The National Day of Unplugging is this weekend, and if you’re a living human being, you’ve at least heard someone talking about how important it is to unplug every once in a while. But what does that really mean, and how do we go about doing it? Does it mean we shut off our phone? Our TV? Our computer? Do we have to refrain from doing laundry? What about using credit cards? The idea of unplugging is so general, and can encompass so much, that it’s hard to even know where to start.
First, let’s tackle the elephant in the room: What does it mean to “unplug”?
Unplugging doesn’t have to mean refraining from all electronic devices which is nearly impossible in 2016 (it’s the weekend, go do your laundry), but it does mean removing as much of the digital world from your life as possible. The real key driver behind this day (day? Movement? I’m don’t really know) is to make a concerted effort to live in the moment and remove yourself from the augmented reality of technology. We let so much beauty pass us by while our noses are in our phones and computers that we fail to stop and recognize the glorious beauty all around us.
Now, you might be saying to yourself, or your computer screen, “I’m not like that though. I can enjoy the world around me without giving up my phone! I’m the exception.” Well answer me this: When was the last time you checked any one of your social media accounts? Five minutes? 30? An hour? Now, when was the last time you watched the sunset, or stopped to take a picture of a tree, or even just went for a walk, sans technology? If the answer lies somewhere in the vicinity of multiple weeks, you’re exactly the person I’m talking to.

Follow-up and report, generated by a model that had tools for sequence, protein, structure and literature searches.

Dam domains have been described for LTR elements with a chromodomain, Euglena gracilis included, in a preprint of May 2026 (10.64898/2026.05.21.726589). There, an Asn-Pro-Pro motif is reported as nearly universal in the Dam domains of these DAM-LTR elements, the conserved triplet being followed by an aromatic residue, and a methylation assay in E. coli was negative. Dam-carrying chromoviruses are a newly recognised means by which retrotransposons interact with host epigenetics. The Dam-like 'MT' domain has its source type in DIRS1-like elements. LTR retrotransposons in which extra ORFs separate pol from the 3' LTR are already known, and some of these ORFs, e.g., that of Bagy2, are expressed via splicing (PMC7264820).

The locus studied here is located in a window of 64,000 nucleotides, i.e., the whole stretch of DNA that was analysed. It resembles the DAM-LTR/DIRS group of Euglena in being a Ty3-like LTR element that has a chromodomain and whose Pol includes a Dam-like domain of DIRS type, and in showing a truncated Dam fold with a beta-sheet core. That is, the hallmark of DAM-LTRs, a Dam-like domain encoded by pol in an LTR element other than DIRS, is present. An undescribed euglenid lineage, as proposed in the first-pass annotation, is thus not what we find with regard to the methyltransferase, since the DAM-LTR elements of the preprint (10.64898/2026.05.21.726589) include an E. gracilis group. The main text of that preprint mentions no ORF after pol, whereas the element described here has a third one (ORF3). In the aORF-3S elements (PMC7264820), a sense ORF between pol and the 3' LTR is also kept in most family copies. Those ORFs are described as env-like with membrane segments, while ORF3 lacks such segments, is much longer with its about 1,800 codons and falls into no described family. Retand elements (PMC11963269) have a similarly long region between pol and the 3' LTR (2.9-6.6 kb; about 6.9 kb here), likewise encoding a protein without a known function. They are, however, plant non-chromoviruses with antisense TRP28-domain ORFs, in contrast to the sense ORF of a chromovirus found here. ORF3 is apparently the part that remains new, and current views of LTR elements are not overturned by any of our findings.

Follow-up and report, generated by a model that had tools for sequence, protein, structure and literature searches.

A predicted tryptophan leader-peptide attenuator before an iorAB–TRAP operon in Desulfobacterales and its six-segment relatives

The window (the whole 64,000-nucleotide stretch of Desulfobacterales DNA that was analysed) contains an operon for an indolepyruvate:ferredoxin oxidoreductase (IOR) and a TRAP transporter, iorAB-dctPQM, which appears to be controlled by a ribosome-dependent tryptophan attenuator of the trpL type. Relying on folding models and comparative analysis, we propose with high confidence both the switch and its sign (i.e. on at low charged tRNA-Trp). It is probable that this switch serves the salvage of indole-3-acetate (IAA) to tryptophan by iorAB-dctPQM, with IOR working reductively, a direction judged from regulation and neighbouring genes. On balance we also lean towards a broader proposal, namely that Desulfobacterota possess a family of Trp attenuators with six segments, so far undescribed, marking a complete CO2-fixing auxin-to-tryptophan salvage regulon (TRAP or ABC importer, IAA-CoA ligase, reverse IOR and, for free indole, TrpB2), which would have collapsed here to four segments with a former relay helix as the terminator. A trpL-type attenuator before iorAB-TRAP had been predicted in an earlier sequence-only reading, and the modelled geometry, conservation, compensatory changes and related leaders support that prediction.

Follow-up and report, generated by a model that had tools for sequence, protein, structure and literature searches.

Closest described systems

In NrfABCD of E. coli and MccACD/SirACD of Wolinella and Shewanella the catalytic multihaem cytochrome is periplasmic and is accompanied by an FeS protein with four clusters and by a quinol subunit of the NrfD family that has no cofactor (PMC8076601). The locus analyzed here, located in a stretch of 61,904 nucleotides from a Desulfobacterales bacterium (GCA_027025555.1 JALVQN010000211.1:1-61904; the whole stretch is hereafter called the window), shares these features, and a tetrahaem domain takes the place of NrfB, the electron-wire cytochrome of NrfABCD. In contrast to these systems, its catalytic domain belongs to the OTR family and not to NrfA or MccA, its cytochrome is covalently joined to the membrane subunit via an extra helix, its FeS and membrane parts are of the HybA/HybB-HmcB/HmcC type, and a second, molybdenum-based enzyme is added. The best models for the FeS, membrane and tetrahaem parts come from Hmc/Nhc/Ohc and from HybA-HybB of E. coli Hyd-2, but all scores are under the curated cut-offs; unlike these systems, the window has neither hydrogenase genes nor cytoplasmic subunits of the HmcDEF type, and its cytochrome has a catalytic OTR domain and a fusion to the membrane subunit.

OK FINE, BUT HOW DO I UNPLUG?
It’s fairly simple. Start out by putting your phone, computer, and other devices away (yes, that includes your smart watch). Put them away and don’t touch them for an entire day, from the moment you wake up until the moment you go to sleep (caveat: I understand that communication may be required at some point during the day and we use our phones to communicate, but at the very least, restrict phone use to calls and texts ONLY). Don’t check Facebook, or Twitter, or post to your Snap Story. Stay off the grid. Good.
Now that your devices are away, don’t turn on the TV. I mean it! I mean, what is the TV but a computer with fewer personalization options? Stay away from it. Feel that discomfort or silence? Good. Acknowledge it and allow yourself to learn to enjoy it. This may take some time, stay strong!
EVERYTHING IS AWAY. NOW WHAT DO I DO WITH MYSELF?
This is where unplugging becomes very difficult. It’s super duper easy to put your devices away and not look at them in theory, but it’s excruciatingly difficult in practice because we’re uncomfortable in silence. We don’t know what to do when there is nothing for us to do. If we had our devices we could at least lose ourselves scrolling through Instagram or Twitter or whatever it is the cool kids are raving about these days, but with no safety blanket, we’re at a loss. We just don’t know what to do with our hands.
How about this: put on some music (I don’t know if that’s allowed under the official rules, but I’m giving you a pass), NOT with headphones, and make a meal. Pick up a book. Take a walk. Enjoy the view from your window. Maybe just have a conversation with a fellow human, remember them? Our lives are so saturated with technology (which isn’t necessarily a bad thing, by the way) that we forget how wonderful real, genuine human interaction can be. We miss out on the beauty of nature and the thrill of getting lost in a book. Do you love to write? Sit down and write a short story, or a blog post, or poetry, or a journal entry (I know that I said computers are forbidden but if you are going to use it to write, you have my blessing as long as you use a website blocker like this).
Don’t just unplug yourself from technology, plug yourself into experience (cliché alert: I’m sorry, it was just too perfect to pass up). Do something that you haven’t done in ages because you’ve spent that time on your phone instead. It doesn’t matter what you do as long as you take advantage of being unplugged and just DO.
Until next time -